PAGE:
Thursday, June 25, 2015 || Originally Published: School Board Focus West || By Jean Lotus
After Lindop School District 92 write-in coup, lawyers submit bills for residency, criminal record checks
The new board president of Broadview’s Lindop School District 92 was shocked to receive a $1,426 bill from a lawyer investigating herself and another board member.
A bill for 12 hours of surveillance of Board President Princess Dempsey (pictured below left) to see if she lived in the district and an investigation into an alleged felony charge for a newly elected board member Anissa Cubie were submitted for payment by the district’s lawyers at the June 16 board meeting.
Both investigations were found to be unfounded, documents show.
Dempsey alleged at the meeting that outgoing nine-year President Carla Joiner-Herrod (pictured below) was behind the investigations along with Superintendent Dr. J. Kamala Buckner – who abruptly quit.
“I live in Broadview, period. That’s where I live. The investigation found that,” Dempsey said. “It was a waste of the district’s dollars to pay for me to be followed by investigators.” She suggested the board send the bills to Joiner-Herrod to pay for personally.
Dempsey led an overthrow slate of write-in candidates in the uncontested board elections April 7. Dempsey, Anisssa Cubie and Shyrl Griffin were elected with a total of 37 write-in votes. Griffin is the mother of new Vice President Tamara Whitfield.
According to a memo from the district’s lawyers posted on the D92 website, on April 28 – three weeks after the election, but before new board members were sworn in – representatives of the Lindop Teachers Association requested Buckner investigate the residency of Dempsey and investigate rumors Cubie had been convicted of a felony.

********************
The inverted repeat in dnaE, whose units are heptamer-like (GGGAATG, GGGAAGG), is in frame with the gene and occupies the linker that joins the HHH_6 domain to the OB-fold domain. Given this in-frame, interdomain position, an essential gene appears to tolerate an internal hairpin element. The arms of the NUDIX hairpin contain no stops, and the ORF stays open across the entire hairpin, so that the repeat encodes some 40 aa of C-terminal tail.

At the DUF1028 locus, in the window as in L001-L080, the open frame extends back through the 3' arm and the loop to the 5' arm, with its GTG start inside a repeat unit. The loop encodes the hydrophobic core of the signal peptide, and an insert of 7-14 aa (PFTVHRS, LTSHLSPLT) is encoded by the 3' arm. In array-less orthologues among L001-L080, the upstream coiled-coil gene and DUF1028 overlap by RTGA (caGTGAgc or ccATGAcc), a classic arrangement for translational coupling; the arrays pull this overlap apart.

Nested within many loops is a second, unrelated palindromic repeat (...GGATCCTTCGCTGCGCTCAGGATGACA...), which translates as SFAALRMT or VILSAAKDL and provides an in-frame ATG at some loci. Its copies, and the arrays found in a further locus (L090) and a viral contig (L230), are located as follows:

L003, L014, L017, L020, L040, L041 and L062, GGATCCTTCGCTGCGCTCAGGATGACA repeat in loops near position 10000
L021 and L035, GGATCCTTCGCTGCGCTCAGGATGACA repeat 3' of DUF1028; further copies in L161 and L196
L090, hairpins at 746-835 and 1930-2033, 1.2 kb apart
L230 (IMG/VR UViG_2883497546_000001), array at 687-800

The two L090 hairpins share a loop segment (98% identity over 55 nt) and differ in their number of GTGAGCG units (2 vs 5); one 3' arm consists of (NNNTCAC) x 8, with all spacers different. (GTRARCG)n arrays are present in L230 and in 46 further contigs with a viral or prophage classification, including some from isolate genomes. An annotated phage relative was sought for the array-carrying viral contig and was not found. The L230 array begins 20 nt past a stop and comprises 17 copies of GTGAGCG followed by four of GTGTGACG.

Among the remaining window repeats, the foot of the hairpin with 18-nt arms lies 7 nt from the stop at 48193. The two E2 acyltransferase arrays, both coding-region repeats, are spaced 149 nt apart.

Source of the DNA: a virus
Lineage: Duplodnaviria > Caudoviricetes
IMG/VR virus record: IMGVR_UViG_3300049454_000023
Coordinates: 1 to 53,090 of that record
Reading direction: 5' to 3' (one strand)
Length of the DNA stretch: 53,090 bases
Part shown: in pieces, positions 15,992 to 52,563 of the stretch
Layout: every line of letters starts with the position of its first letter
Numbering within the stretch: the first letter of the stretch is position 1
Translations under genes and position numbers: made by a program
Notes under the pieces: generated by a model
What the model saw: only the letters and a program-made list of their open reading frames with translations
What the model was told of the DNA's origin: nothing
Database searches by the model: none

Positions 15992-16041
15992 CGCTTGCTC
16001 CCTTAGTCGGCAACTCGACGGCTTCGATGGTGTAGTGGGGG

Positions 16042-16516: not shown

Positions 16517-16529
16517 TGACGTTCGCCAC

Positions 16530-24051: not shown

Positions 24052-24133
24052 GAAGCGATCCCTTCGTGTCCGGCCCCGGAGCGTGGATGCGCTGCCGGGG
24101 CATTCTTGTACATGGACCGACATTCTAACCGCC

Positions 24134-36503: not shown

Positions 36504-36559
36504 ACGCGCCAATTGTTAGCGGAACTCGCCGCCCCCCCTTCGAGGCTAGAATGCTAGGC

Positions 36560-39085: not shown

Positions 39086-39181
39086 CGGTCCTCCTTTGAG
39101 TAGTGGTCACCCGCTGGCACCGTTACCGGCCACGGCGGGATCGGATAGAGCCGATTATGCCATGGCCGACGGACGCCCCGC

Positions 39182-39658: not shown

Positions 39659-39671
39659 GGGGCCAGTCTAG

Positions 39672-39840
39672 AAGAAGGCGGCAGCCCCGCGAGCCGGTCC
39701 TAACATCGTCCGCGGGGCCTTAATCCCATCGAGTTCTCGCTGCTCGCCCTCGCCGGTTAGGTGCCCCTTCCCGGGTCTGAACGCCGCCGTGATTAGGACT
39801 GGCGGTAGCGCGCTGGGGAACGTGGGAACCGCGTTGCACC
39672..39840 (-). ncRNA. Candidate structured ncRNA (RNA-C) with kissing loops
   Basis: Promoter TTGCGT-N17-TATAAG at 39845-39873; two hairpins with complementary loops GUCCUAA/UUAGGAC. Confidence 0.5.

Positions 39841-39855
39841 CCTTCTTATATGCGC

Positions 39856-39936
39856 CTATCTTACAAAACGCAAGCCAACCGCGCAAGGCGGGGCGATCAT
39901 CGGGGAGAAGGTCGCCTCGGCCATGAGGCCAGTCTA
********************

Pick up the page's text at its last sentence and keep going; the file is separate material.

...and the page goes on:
“Additional investigation was conducted under authority of the board president,” wrote Franczek Radelet attorney Dana Fattore Crumley. Crumley did not return emails or phone calls for comment.
The bill also showed a half-hour of research billed at $76.50 April 9 for “review for write in candidates to the board.”
“I’m a mandated reporter for the state and I’m fingerprinted every year. My-ten-year old daughter attends school in the district,” Cubie said. “I could have lost my job.”
Documents show the district’s residency investigator billed for an online search of Dempsey and 12.4 hours of surveillance. The law firm enclosed correspondence with the State’s Attorney’s office confirming no felony conviction existed for Cubie.
LTA Co-President Diane Schoenheider said in an email the union had no comment.
“I had no idea I was being followed,” Dempsey said. “I have a busy life and I run a business. I didn’t even notice.”
In a statement, outgoing nine-year Board President Joiner-Herrod denied she authorized an investigation of her fellow board members.
“The allegations concerning this situation are misguided and false – including the authorization of any alleged investigation,” she wrote (See statement here).
“This is the first time in my 9 years of serving on the Lindop Board School Board that our district has been faced with such chaos. The level of turmoil that has occurred over the past 45 days has been unprecedented,” she wrote.
“[Dempsey] has chosen to publicly humiliate the district that she serves and herself by fueling division between board members, LTA and district administration,” she added.
Dempsey said the new board majority got rid of the old guard with close ties to Broadview Mayor Sherwin Jones. Board member Tanya Taylor is married to Broadview Trustee Lincoln Taylor.
In the April 7 election, Jones supported unsuccessful referenda for home rule and dissolving the Broadview Park District. He also supported failed candidates for library trustees.
Wins by write-in candidates in suburban Cook County elections are not uncommon, said Cook County Clerk Election Spokesperson Courtney Greve. In the April 7 election many write-in candidates won uncontested positions including races in 17 school districts and multiple library and park district boards.
Dempsey said the board has already found a new superintendent.
“We want to keep this district moving forward and make sure everyone knows we are watching district dollars,” she said. VFP
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